McLaren have brought a number of upgrades to Spain, with the results of their efforts paying off in practice and in qualifying. Alonso on his first run in Q1 on the medium tyres set a time good enough for P5, ahead of Button in P6, seeing both the MP4-30s through to Q2. With a few minor tweaks to the front wing, Alonso and Button ventured out into Q2 for the first time this season. Button found his car pulling left under braking, costing the Briton lap time. Unable to carry the momentum through to Q3, the two McLaren’s will start P13 and P14 with Alonso in front by a tenth of a second.

Manor F1 Team line up the back of the grid with Stevens setting 1:31.200 after three laps on the medium compound to start P19. In front of his home crowd, Merhi set 1:32.038 after four laps on the medium compound for P20.

Chinese Grand Prix: Mercedes Rivalry

Chinese Grand Prix: Mercedes Rivalry

Lewis Hamilton returned to the top step of the podium after the Chinese Grand Prix. The Mercedes driver took the win from pole position, finishing ahead of his teammate, Nico Rosberg, and Ferrari’s Sebastian Vettel. The final laps of the race were neutralised following the deployment of the safety car on lap 54. For the first time this season, 20 cars were on the grid for lights out. Hamilton was quick off the line, angling his F1 W06 to defend from Rosberg. While slightly further back, Sebastian Vettel passed Massa, immediately moving up in P3. In the other Ferrari, Kimi lined up behind the two Williams to move up on the inside of turn 2, giving himself the better line through turn 3 to pass Bottas and then Massa later in the lap. The rest of the grid snaked their way through the first corner relatively unscathed, with some contact between the two Toro Rossos.

Hamilton once again outstretched his Championship lead after being relatively unchallenged throughout the race. The Mercedes duo ran the same tyre strategy during the race, running the soft tyres for the first two stints, before swapping to medium compound tyres for the final leg. Rosberg however felt his race was compromised, complaining that his teammate was cruising in front of him. This then allowed Vettel to catch up to the Mercedes causing Rosberg to defend and use his tyres. Despite this, Rosberg still came home P2 in front of Vettel.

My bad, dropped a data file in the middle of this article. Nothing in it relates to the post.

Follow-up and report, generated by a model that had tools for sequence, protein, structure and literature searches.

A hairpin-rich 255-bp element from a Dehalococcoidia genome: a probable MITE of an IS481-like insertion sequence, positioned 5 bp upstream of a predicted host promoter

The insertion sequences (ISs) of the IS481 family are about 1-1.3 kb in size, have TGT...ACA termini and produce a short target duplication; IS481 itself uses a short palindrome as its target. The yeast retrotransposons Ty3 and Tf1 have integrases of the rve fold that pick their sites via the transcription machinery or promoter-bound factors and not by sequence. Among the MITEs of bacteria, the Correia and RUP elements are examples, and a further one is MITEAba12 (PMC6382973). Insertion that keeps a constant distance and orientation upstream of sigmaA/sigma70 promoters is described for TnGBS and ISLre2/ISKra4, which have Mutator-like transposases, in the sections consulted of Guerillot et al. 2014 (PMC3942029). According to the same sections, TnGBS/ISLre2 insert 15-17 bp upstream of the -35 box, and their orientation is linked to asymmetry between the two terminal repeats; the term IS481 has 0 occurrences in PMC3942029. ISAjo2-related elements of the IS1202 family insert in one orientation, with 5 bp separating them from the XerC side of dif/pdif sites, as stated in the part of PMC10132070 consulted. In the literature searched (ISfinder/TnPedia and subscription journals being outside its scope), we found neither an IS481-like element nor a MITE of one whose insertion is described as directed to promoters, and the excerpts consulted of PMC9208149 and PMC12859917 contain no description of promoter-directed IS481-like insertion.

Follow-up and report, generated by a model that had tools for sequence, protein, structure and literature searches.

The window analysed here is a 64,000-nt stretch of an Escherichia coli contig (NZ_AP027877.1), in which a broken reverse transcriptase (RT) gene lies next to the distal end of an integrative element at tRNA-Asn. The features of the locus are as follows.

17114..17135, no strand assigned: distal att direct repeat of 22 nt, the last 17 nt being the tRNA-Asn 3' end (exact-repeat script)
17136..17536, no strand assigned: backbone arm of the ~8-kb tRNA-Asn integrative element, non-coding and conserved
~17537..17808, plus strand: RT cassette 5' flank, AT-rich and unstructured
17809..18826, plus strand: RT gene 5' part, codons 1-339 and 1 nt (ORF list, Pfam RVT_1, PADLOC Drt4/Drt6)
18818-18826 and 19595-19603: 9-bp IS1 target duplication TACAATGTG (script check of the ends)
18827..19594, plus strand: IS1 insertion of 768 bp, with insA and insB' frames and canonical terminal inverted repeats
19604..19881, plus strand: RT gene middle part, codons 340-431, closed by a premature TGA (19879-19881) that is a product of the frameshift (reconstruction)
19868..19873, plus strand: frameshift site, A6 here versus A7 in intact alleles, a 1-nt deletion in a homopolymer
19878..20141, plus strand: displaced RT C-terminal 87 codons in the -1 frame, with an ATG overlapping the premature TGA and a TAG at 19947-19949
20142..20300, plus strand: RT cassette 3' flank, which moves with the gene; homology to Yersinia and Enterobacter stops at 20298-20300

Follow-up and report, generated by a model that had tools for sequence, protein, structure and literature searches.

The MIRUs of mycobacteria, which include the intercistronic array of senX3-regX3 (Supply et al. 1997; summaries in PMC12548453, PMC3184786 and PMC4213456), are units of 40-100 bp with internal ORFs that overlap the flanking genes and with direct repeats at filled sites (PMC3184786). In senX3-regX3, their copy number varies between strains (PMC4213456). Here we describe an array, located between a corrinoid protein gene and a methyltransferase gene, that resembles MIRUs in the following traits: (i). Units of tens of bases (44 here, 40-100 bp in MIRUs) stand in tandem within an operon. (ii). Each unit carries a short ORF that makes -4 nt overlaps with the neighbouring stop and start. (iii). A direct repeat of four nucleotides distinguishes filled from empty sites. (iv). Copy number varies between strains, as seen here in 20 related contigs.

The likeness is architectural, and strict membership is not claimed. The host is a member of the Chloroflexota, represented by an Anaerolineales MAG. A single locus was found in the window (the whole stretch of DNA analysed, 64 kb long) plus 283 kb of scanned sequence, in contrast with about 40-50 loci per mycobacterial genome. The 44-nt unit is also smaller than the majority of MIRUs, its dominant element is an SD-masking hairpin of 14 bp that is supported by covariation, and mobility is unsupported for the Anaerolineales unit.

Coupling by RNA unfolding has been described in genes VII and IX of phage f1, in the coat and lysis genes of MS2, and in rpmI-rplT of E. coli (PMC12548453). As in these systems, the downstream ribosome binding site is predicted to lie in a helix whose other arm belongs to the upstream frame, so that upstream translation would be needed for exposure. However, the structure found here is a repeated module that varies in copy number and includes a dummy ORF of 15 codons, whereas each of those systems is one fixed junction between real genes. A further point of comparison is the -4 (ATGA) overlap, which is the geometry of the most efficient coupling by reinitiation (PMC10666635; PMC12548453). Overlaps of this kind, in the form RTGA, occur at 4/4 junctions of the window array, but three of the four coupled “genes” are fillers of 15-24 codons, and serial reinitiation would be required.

Ferrari had a competitive race for both Vettel and Kimi, finishing P3 and P4 respectively. It was a stormer of a first lap for both drivers, managing to pass the two Williams in the first sector. Like the Mercedes, Ferrari chose the run the soft compound tyres for the first two stints before swapping to the medium tyre for the final stint. The team didn’t however manage to make an undercut for Vettel to challenge for the win, despite pushing like hell to pull the gap. Kimi Raikkonen was on form from the get-go. Back to his old ways the Finn didn’t let up, maintaining his tyres until the final laps. However, Verstappen’s retirement on lap 54 robbed us of what would probably the most exciting battle for position in the race.

Williams were strong throughout the afternoon, maintaining a healthy position for both Massa and Bottas. However, being Ferrari’s main target for the race meant having to be on the defence from lights out. While the Williams were unable to keep their position from the Scuderia, Massa and Bottas were able to engage in some good old competitive rivalry amongst teammates. In the opening stages, Bottas made a move on Massa, moving himself up to P5, only for Massa to lay a move a few corners later. The two spent the remainder of the race in the same positions, eventually finishing P5 for Massa and P6 for Bottas after a two stop strategy.

Lotus scored their first points of the season as Romain Grosjean came home in P7. Keeping out of trouble, Grosjean managed his tyres well, running on the soft compound before running the final two stints on the medium tyre. Pastor Maldonado was not so lucky however. After a strong start, passing Felipe Nasr in the early stages, Maldonado began to show signs of braking issues after missing the entrance to the pit lane, and spinning a few laps later. Falling back in the grid, the E23 then found himself in the midst of a McLaren sandwich, simultaneously challenging Button for P13 and defending from a charging* Alonso. Maldonado’s luck ran out on lap 49 after behind rear-ended by Button, forcing the Lotus to retire on lap 52.